The Ministry of Social Justice and Empowerment must wield the stick against indifferent State governments and service agencies
You might have noticed that the Government of India's Ministry of Social Justice and Empowerment, which now has a separate department for Disability Affairs, announced awards for the disabled on Wednesday, February 6, for last year (2012).
There were awards for individuals, organisations, best employers, role models, research and product development, creation of barrier-free environment, best district (it is South Goa), and so on.
But here is the ground reality: on a visit to the premier bus stand in Asia in Chennai’s Koyambedu, I found the toilet meant for the disabled firmly locked. On an earlier occasion, I noticed that the Park Railway Station in the city has a similar facility and that was also firmly shut, no one obviously accountable for its upkeep.
In a country where the average person finds it a challenge to locate a useable toilet in public space, what is so surprising about point number two, you might ask. That would be a perfectly reasonable question to ask.
Actually, that argument could be extended. When you have buses that the disabled cannot board in that same CMBT bus terminus, of what use is a special toilet? This is a point that needs to be elaborated. In spite of a law that is meant to protect the rights of persons with disability that dates back to 1995, no government takes it seriously. Currently, the country is waiting for a new disability law that could make things a little better.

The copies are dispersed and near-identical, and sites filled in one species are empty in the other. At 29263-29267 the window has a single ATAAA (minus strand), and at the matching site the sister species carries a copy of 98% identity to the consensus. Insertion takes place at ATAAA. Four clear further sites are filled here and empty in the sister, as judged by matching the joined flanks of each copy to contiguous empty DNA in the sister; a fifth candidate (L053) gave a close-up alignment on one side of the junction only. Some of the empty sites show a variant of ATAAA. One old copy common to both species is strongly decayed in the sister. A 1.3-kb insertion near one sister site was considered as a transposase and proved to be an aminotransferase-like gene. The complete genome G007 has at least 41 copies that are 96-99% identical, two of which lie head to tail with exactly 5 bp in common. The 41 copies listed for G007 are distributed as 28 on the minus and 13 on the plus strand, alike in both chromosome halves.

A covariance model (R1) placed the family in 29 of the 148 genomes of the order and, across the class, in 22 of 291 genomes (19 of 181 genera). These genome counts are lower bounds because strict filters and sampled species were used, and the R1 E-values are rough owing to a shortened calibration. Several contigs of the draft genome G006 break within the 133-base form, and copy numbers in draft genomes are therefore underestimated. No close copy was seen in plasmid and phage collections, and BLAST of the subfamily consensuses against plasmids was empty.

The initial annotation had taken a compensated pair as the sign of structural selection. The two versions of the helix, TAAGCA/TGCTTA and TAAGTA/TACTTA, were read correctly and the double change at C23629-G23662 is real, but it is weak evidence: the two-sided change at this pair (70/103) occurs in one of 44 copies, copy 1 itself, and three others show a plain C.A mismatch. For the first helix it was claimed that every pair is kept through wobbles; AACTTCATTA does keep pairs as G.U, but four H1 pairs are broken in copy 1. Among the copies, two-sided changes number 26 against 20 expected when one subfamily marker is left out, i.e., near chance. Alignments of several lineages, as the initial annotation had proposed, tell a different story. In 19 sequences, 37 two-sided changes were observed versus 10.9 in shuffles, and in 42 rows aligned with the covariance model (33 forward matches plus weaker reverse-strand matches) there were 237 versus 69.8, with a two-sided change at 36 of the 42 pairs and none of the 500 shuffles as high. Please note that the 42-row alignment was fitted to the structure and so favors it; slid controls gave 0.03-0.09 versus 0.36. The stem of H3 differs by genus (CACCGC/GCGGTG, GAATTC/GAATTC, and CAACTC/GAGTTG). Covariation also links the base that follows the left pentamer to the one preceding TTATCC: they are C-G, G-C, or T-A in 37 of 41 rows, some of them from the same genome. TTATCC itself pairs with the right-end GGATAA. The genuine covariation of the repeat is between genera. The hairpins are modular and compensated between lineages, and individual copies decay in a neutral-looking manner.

All this brings us to the question of universal design. This is the principle that when you build structures and services that are friendly to those who have some disability, it serves the general population as well. Equally, when you make things better for the general population, it makes things easier for the disabled too.
Such a message is of course difficult for our political class to grasp, used as it is to more privileges and comforts than the average citizen is. If a particular politician finds it difficult to board an aircraft in the normal course, the vehicle goes to the tarmac and the passage is smooth. Most of our successful politicians have no need to walk on a footpath, so they have scant regard for issues affecting pedestrians. Thus, we live in a country where the average road has no pedestrian facility worth the name, no sane crossing points for walkers at traffic intersections, and a public transport infrastructure that is positively hostile to people with disability (just look at the suburban railway stations in Chennai as an example).
People with disability can neither enter nor alight from railway coaches easily, nor can they have an easy entry into one of our World War II design buses. You cannot even be confident that all aircraft operating in India will offer you an ambulift facility.
So when we return to the question of awards for those who are doing their best to improve access and equity for the disabled, can our government departments even make a claim? Generally not.
I would contend that the outdated model of awarding people for voluntarily working to improve the quality of life of the disabled needs to be replaced with legal requirements that would compel State and local governments to set things right. What we need is a punitive regime for official agencies that fail to provide facilities that a civilised society out to have, more so when it has a disabled population of 21 million (2001) and counting (read this interview). The disability figures for the 2011 census are not yet available, but when they are, they will only strengthen the case for such mandatory provisions.